Outdoor spraying? It's a bit hit and mist

By Dr Eddy Bajrovic, Medical Director, Travelvax Australia.

Mosquitoes and the diseases they carry are topics that come up often on our travel health advisory phone service (1300 360 164).
Callers often assume that staying in luxury accommodation will make them immune from risk.
“Oh, we’re in a luxury apartment right on the beach,” they say. “We’ve stayed there before - they use those fog machines to kill the mozzies…”
So, do the machines that spray clouds of synthetic pyrethroid insecticides around the gardens and grounds of your hotel or resort really work?
The answer is ‘yes… well, mostly’.
Outdoor spraying is important in tropical countries where diseases like dengue and Chikungunya are present, according to Sydney-based entomologist, Dr Cameron Webb*.
It keeps the mosquito population down and also interrupts the disease transmission cycle by killing female mosquitoes carrying a virus before they can infect humans.

‘Don’t be complacent’

However, to be effective spraying has to be carried out regularly and by a skilled operator because the insecticide must reach the majority of the disease-carrying mosquitoes in the gardens and grounds.
More often than not, our confidence in fogging is misplaced: the insecticide kills only some – not all – of the mosquitoes in the vicinity.
“There is definitely an art to fogging,” Dr Webb told the Travelvax Report.
“For it to be effective you need to spray regularly and do it when mosquitoes are actually flying around. And, there are limits to how well it works – especially if there is any wind or it’s raining.
“It is important to remember that even if the resort is doing a great job at controlling mosquitoes, you’ve got a risk of infection during that day trip to the local village or markets.
“Regardless of whether their accommodation is five-star or budget, my message to travellers is: Don’t be complacent.”

Then there’s Generation Next

Regardless of how well it’s done, the respite from mosquitoes is relatively brief. The spray kills adult mosquitoes only, not their larvae, which hatch regularly in water left after rainfall or watering.
The next generations of mosquitoes only need to bite a person infected with dengue or Chikungunya to become infective themselves, and pass on the virus throughout their entire lifespan of around 3 weeks. 
And, it’s not unusual for a female mosquito to bite more than one person in any single feeding session.
Indeed, infected female mosquitoes can pass on dengue (and other pathogens) to their offspring, who then infect any people they bite, Dr Webb added.
Known as ‘vertical transmission’, it is (thankfully) thought to be relatively rare. Although laboratory studies have shown a rate of around 10%, in reality it is probably a little less.
“There are probably a range of factors at play, including level of infection in the adult female mosquito and the size of her batch of eggs,” he said. 

Do you feel lucky?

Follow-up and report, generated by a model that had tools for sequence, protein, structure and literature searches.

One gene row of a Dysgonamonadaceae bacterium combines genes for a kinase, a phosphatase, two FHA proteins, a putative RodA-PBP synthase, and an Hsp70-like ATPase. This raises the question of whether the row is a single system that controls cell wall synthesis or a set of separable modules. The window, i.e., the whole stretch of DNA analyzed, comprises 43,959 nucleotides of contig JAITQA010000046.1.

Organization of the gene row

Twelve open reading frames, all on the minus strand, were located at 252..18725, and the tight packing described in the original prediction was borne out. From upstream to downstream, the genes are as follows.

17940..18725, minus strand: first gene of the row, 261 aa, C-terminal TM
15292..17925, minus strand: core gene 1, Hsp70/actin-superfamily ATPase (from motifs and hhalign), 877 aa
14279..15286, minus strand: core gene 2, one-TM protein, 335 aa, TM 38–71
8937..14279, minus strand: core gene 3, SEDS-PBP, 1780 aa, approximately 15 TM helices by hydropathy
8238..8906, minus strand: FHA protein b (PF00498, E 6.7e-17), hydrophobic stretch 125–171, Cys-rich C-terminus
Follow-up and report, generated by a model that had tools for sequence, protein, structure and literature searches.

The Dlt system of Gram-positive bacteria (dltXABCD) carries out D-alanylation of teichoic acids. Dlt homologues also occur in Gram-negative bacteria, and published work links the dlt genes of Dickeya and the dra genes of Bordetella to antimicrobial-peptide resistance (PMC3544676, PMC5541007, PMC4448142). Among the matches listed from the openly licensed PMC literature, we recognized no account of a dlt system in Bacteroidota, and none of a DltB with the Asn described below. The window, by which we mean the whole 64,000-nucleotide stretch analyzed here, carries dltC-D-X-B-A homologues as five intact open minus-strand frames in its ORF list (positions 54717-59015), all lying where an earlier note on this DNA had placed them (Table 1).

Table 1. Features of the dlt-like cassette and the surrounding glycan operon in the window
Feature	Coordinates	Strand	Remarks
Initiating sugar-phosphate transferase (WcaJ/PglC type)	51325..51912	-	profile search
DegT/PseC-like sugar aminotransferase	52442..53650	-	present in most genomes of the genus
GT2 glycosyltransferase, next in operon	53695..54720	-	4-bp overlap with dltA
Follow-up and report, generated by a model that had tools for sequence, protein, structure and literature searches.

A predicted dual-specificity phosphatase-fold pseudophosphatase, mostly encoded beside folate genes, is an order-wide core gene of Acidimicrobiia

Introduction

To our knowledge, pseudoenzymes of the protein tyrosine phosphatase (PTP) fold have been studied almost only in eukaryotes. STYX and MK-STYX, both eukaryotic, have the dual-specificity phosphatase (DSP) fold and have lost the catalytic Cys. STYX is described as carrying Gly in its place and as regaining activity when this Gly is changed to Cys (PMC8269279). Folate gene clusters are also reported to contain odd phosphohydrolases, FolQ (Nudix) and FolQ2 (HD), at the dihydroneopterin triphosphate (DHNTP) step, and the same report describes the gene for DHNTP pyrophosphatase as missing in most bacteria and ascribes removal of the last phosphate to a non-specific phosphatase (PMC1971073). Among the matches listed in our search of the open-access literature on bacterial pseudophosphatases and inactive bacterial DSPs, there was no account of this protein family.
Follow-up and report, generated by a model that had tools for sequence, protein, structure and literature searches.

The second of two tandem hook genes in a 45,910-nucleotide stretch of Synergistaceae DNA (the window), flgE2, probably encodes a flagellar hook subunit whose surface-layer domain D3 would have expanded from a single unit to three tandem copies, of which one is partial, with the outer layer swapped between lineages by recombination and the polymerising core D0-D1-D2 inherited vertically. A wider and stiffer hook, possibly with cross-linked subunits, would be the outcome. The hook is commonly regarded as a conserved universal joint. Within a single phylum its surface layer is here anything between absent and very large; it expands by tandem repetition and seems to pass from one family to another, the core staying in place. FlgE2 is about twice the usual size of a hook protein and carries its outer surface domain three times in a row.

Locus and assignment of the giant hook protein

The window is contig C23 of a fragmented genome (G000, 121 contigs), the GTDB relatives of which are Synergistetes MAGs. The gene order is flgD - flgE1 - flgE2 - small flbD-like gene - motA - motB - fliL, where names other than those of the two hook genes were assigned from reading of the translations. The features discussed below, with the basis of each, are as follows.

So, relying on spraying alone to avoid insect bites leaves much to chance – or luck.
But, luck deserted the 1026 Australians who’ve returned home from holidays with dengue fever to date this year, based on current national disease surveillance figures.
Australia is on track to at least reach - if not surpass - last year’s 1840 dengue cases, which was the highest number in more than two decades. So far, 33 Australians have returned from holiday with Chikungunya this year. 
Among Australian travellers, Asia is undoubtedly the main source of these two pervasive viruses. Not surprising given the region contains some of the world’s most popular holiday destinations.

The facts on dengue and Chikungunya

– Their symptoms are similar, although Chikungunya is generally a milder illness. 
– Dengue infection may result in fever, headache, pain behind the eyes, joint and muscle pain, rash, nausea/vomiting, easy bruising, and mild bleeding from the nose or gums. Read more.
– Fever and joint pain are also typical with Chikungunya, but some people also experience headache, muscle pain, joint swelling, and/or rash. Read more.
- Most infections clear up on their own within 2-4 weeks, although dengue infection can progress to dengue haemorrhagic fever, a potentially fatal condition. Chikungunya infections rarely result in death, but the symptoms can be severe and disabling, with joint pain persisting for months.

Reduce bites, reduce your risk

Unfortunately, there is no vaccine for either of these mosquito-borne viruses. But, the fewer the bites you receive, the lower your risk of infection.
– Use insect repellent on all uncovered skin. Look for a repellent that contains one of the following active ingredients: DEET, Picaridin (KBR 3023), oil of lemon eucalyptus/PMD, or IR3535 and follow the instructions on the label.
– Wear loose, long-sleeved shirts and long pants when outdoors – especially in the early morning and around sunset.
– For added protection, soak your clothing and bed net (if your room is not screened) with permethrin. This contact insecticide repels mosquitoes and other insects, and also kills them when they land on the treated material. (Permethrin shouldn’t be applied directly on your skin. Read more about permethrin.) 
– If using sunscreen, apply it before you apply insect repellent.
Read more on protecting yourself against insects.
Finally, if you experience fever after travelling overseas, seek medical care right away. And, don’t forget to tell your doctor about your recent travel.

Travelling to the tropics? Get more advice on avoiding dengue and Chikungunya, as well as the recommended vaccinations and other health-related issues for your destination from Travelvax Australia’s travel health information service on 1300 360 164 (toll free from landlines within Australia).

* Dr Webb is based at the Department of Medical Entomology, Pathology West – ICPMR Westmead & the University of Sydney. You can follow him on Twitter @Mozziebites